The creator of Gears Of War and Unreal Tournament is back with one of the best new shooters of the year.
LawBreakers has only been out three days and already it’s managed to gain a reputation as a flop. This is primarily based on its poor performance and low player count on Steam, as well as a surprisingly lowkey marketing campaign. Which is odd, because as the first new game from Cliff ‘CliffyB’ Bleszinski, since he left Gears Of War developer Epic Games, you would have expected more fanfare than this. Especially as the game is actually really good.
If LawBreakers really isn’t a success it’s unlikely to be blamed solely on the marketing. The game is a multiplayer-only first person shooter and there’s already questions being asked as to whether that market is becoming oversaturated with too many similar games. With every publisher desperate to push their game as the next big esports title, the inevitable result is that more people are playing less games but for much longer than usual.
But there’s also the question of whether LawBreakers’ particular style of gameplay is beginning to fall out of fashion. It’s an extremely fast-paced game, with an emphasis on aerial combat, at a time when Call Of Duty and other games are purposefully abandoning jetpacks and rocket boots. And where even Overwatch, with all its peculiar characters, favours a predominantly boots-on-the-ground style of combat.
Overwatch is already a favourite point of comparison, given LawBreakers’ similarly large roster of class-based characters. Although they’re a considerably more foul-mouthed lot, that are a lot harder to love than Blizzard’s pantheon of pseudo-superheroes. But despite some similarities between the two games, LawBreakers has even more in common with old school arena shooters like Quake and Unreal Tournament (which Bleszinski also worked on).
LawBreakers is certainly not as accessible as Overwatch, which despite a huge cast of characters can be picked up and played by anyone that’s ever wielded a joypad. LawBreakers though almost seems to go out of its way to be as offputting as possible, with no proper tutorials and confusing ability and weapon descriptions that mean the only way to learn is to dive in and try and shoot someone.
Once you do that everything becomes a lot clearer, since at its heart this is still a relatively straightforward multiplayer shooter. There are nine different classes, with two characters in each according to whether they’re the good guys (Law) or bad guys (Breakers). At first the differences don’t seem very significant though, and your attention is instead drawn to one of the game’s main gimmicks: bubbles of zero-gravity that allow everyone to fly around the game maps with enjoyably little effort.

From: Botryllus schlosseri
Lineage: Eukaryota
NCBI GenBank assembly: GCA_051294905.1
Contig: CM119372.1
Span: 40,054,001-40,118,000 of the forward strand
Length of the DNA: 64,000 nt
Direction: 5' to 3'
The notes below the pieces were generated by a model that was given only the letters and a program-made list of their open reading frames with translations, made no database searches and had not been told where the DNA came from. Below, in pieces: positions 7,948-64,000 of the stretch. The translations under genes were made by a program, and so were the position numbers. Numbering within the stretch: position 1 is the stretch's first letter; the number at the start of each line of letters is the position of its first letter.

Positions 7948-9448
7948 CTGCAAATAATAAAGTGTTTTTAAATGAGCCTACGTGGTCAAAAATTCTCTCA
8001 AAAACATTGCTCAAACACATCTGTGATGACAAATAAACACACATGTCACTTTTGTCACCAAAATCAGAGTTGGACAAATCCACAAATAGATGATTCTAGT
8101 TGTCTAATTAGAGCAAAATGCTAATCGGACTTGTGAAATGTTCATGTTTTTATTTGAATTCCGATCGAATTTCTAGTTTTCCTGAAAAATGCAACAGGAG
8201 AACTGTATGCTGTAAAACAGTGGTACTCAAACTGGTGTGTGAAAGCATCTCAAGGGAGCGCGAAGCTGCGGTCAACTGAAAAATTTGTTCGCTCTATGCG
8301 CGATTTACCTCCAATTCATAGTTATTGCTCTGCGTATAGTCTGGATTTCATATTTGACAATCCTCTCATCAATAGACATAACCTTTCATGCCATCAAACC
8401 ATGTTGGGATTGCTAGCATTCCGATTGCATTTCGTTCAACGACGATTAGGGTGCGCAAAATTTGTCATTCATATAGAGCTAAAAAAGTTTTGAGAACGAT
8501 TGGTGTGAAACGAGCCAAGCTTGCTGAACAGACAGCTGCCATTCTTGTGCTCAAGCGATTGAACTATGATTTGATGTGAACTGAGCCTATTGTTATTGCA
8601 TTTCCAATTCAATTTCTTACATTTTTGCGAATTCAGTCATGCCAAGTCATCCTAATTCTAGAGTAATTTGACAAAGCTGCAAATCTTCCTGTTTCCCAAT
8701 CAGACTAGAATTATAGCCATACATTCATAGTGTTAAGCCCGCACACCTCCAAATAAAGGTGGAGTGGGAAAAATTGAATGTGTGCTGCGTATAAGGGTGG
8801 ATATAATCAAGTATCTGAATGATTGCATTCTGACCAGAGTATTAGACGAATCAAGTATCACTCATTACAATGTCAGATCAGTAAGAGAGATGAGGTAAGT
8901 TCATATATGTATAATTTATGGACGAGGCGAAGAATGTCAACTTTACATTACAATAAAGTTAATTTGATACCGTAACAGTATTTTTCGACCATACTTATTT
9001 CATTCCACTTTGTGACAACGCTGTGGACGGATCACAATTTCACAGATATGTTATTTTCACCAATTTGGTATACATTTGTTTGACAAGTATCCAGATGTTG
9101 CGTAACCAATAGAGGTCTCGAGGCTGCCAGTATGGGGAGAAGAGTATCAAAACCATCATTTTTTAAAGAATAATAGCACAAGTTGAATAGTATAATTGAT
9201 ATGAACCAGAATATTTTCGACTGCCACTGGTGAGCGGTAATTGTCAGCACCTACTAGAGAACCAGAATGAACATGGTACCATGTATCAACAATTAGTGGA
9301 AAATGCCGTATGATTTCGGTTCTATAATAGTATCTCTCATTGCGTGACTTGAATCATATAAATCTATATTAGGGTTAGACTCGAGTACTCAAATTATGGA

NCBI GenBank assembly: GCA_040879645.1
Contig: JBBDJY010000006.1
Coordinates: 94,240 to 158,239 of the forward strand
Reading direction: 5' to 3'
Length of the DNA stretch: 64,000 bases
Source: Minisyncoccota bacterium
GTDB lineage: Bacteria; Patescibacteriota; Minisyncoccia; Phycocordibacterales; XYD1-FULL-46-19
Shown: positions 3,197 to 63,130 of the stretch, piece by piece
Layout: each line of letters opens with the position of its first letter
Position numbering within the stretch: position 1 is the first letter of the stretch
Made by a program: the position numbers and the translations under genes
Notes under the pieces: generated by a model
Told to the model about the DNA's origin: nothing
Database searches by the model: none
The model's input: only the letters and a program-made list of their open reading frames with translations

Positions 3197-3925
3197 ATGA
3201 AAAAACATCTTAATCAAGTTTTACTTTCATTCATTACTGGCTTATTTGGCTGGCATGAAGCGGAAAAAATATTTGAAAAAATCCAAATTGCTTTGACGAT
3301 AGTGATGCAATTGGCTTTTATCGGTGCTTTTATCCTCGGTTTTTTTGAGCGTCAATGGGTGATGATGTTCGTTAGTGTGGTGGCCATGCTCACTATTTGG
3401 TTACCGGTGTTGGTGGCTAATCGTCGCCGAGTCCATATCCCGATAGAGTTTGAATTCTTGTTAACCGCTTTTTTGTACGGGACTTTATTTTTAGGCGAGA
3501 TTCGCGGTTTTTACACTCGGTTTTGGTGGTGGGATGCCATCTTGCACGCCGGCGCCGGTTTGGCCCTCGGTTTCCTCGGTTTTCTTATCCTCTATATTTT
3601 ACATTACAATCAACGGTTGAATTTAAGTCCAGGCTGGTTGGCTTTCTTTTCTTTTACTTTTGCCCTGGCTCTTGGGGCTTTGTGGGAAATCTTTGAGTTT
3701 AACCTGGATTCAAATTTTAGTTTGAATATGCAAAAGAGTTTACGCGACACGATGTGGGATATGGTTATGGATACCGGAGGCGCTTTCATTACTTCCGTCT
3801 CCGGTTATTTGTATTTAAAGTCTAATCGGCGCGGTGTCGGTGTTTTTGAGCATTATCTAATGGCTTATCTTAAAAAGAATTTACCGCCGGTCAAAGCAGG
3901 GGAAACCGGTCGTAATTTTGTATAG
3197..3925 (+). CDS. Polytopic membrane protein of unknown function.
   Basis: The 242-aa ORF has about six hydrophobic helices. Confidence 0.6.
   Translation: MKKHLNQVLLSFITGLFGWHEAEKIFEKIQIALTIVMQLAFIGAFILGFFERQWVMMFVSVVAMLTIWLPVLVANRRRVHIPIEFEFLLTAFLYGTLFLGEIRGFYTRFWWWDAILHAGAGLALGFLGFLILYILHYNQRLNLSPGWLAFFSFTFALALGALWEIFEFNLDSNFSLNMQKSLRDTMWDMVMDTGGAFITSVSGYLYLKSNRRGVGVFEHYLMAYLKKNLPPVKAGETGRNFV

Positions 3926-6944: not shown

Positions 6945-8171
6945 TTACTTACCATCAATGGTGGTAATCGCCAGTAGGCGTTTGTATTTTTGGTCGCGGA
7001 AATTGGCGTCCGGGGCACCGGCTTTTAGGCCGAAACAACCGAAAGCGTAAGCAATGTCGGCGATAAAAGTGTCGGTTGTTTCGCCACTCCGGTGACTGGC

Once you start to delve into the characters’ different abilities and weapons the game’s true depth becomes obvious. Every class has three powers on a cooldown timer, which are generally a movement ability (things like a dash, warp jump, and hover move) a grenade of some sort, and a special move that includes everything from electric attacks to shield domes and a giant laser beam. And that’s in addition to the actual weapons, all of which have an alt fire mode – some of which have significant extra uses, like the assassins’ machete/grappling hook combo.
The game modes though are considerably less exotic and include only versions of mainstays such as Capture the Flag and Domination, plus a pseudo sports game called Blitzball. As with Overwatch, we’re a little disappointed that the same sense of invention seen in the characters and abilities is absent from the game modes, but at least LawBreakers is no more or less lacking in that area than any other recent multiplayer game.
The only serious flaws with LawBreakers, beyond its steep learning curve, is its unappealingly bland art design. Most of the characters have some sort of wacky sci-fi clothing or gear but they’re rendered in a much more realistic style than Overwatch, and end up looking both silly and boring at the same time. It’s also all but impossible to make out who is who at a distance, which actively hurts the gameplay.
But although its designers no doubt see it as a primary part of the appeal, it’s the game’s complex, fast-paced action which will put off most ordinary gamers. There are no easy kills in LawBreakers, and it has little time for newbies of any sort. But whether you see that unforgiving attitude as a negative or a positive it’s hard not to admire a game that refuses to bend to current trends, no matter how much it might seem otherwise from a first glance.